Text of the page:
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When you are seeing more advanced changes and look in the mirror and think “I really don’t care for these changes,” it’s time to move on to some of the moderate to advanced dermatology in-office resurfacing procedures. You are in this category of moderate to advanced changes if you are seeing one or more of the following changes: etched lines(lines that don’t totally go away when you stretch the skin), enlarged pores, loss of elasticity, the irregular bumpy slightly yellowish sallow surface that dermatologists call elastosis, and more pronounced brown spots, and worsening of old acne scars.

Options are:

Deep Chemical Peels

Traditional Dermabrasion

Laser Resurfacing

Deep Chemical Peels

Deep chemical peels have been around for a long time. They include high strength Trichloroacetic Acid (TCA, and Phenol peels. Both will penetrate deep enough into the skin to treat at the level at which deep etched wrinkles and acne scars reside, and that is how they treat deep etched lines and acne scars. The problem that is also the drawback, that they penetrate deep enough into the skin to cause scarring. Because they are applied by hand, by a physician, they are dependent on the thickness of the skin, the preparation of the skin before the procedure and the amount of acid applied. And even in the hands of a skilled physician who has performed many deep chemical peels, there is an inherent unpredictability with the depth that the acid will penetrate. Because of this, the risk of side effects such as permanent pigmentation changes, and scarring are greater than with laser resurfacing. Also sometimes they actually cause enlarged pores. Phenol peels always cause permanent loss of pigment so that the skin turns snow white. This is acceptable if your skin type is extremely fair, but not if you have any significant natural pigment. Both require general anesthesia.

I did a fair amount of deep chemical peels under anesthesia early in my career, but have abandoned them in favor of laser resurfacing. I will say that Phenol peels remove etched lines above the upper lip more completely than any other treatment, by replacing the skin and wrinkles with what is essentially a sheet of white scar. But this requires a patient with very fair skin, and the patient will be required to wear makeup every day forever to cover the fairly marked difference in color between treated and untreated skin.

Traditional Dermabrasion

Traditional dermabrasion (not to be confused with microdermabrasion), involves using an electric medical sanding tool to sand off the skin. It is used most often for deep acne scars. The problem again is that the depth of the treatment is dependent on the skin thickness, and the skill of the physician doing the procedure. Deep acne scars are from acne cysts that occur deep enough in the skin to cause a scar. Traditional dermabrasion is performed at the level of skin where scars form. That is why traditional dermabrasion replaces acne scars with a sheet of new scar. The skin never really looks or feels normal.

Laser Resurfacing

Laser resurfacing is divided into ablative and non ablative depending on whether the surface layer of the skin is removed with treatment (ablative) or not (non-ablative). It is also divided into fractional and non-fractional.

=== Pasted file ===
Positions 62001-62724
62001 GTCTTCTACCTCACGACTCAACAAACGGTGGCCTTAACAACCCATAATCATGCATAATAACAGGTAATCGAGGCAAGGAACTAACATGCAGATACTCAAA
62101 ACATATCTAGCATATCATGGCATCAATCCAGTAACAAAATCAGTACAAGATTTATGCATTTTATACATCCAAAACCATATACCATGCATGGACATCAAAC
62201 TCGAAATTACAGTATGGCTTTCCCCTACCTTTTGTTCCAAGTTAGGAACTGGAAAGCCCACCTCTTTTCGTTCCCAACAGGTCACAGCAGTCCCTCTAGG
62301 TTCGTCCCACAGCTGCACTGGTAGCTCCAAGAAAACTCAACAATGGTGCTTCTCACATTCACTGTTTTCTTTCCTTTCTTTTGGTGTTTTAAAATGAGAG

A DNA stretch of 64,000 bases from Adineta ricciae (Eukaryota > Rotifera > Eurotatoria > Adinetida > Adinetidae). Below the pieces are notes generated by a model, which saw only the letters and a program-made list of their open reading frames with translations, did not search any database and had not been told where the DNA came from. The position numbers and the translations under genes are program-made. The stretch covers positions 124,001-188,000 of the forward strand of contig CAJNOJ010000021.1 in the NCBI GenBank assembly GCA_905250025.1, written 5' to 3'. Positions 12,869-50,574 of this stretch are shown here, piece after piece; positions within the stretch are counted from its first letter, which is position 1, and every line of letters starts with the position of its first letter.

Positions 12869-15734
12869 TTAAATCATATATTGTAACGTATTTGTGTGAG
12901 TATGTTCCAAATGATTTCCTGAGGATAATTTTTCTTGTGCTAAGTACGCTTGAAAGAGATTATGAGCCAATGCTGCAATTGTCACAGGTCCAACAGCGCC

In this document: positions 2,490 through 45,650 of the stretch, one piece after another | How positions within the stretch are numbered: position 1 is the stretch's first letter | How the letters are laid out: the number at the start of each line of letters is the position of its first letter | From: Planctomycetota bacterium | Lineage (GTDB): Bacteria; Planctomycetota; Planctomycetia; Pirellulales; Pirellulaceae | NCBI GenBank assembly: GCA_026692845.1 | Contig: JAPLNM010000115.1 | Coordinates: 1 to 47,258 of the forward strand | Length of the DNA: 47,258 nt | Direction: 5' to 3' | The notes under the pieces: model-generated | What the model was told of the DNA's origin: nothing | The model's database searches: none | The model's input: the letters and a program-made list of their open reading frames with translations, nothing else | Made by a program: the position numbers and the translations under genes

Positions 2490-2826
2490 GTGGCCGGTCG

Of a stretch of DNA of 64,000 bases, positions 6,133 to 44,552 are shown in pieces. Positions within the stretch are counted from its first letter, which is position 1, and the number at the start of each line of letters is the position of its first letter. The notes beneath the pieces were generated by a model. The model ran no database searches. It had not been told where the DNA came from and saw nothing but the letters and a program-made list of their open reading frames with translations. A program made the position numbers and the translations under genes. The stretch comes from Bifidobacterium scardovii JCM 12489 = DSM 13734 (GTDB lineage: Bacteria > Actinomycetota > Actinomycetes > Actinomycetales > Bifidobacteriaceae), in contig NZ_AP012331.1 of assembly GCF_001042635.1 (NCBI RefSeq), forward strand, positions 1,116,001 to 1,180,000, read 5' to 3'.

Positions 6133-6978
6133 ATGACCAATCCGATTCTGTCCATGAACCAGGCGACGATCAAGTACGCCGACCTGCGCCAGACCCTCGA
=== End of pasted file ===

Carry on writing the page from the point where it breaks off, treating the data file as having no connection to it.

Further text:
The first skin resurfacing lasers in the 90’s were ablative and non-fractional CO2 lasers. Non-fractional ablative lasers only required one treatment but usually required general anesthesia. Patients looked like they belonged in a burn unit for 2-3 weeks, were red and sensitive for months. Although not known in the first few years of use, some patients developed permanent loss of pigment in the treated skin several years after treatment. Additionally the risk of scarring, though less than deep chemical peels and traditional dermabrasion was unacceptably high. I also did many ablative non-fractional CO2 laser treatments in the 90’s but like most physicians switched to fractional laser resurfacing when it became available.

Fractional laser resurfacing was developed to address some of these problems. Fractional means that only a fraction of the skin is treated at a time by creating thousands of tiny treated channels in the skin surrounded by untreated skin. This allows safer treatment with much less risk of scarring and permanent pigment change, but requires more than one treatment to achieve best results. Fractional lasers are either ablative (destroys the top layer of skin) or non-ablative (does not). Fraxel was the first laser to utilize the fractional technology. Fractional laser resurfacing creates microscopic “wounds” within targeted areas beneath the outer layer of skin. The natural healing process produces collagen and healthy skin cells.

The original fractional laser resurfacing treatment Fraxel, is now Fraxel:restore, and is non-ablative. Fraxel:repair is a more recent development and is ablative. Ablative lasers require less treatments, but each treatment has a longer recovery time. Ablative lasers also may require general anesthesia. Non-ablative lasers may be safely used on the neck, chest, forearms and hands. Ablative lasers carry a risk of scarring in these areas.

We use Fraxel:restore as our patients prefer more treatments with less downtime and less discomfort with each treatment. They also don’t want general anesthesia which ablative procedures may require. In the last few years, many new resurfacing lasers have emerged. All have their pros and cons, but there are now multiple choices, and each physician usually has a personal preference.

Laser resurfacing treats mild to moderate wrinkles, surface irregularities, blotchy pigment, acne scarring, large pores, and stretch marks. Skin is smoother, less wrinkled and more refined with smaller pore size.

Next: How to know which skin resurfacing treatment is right for you.


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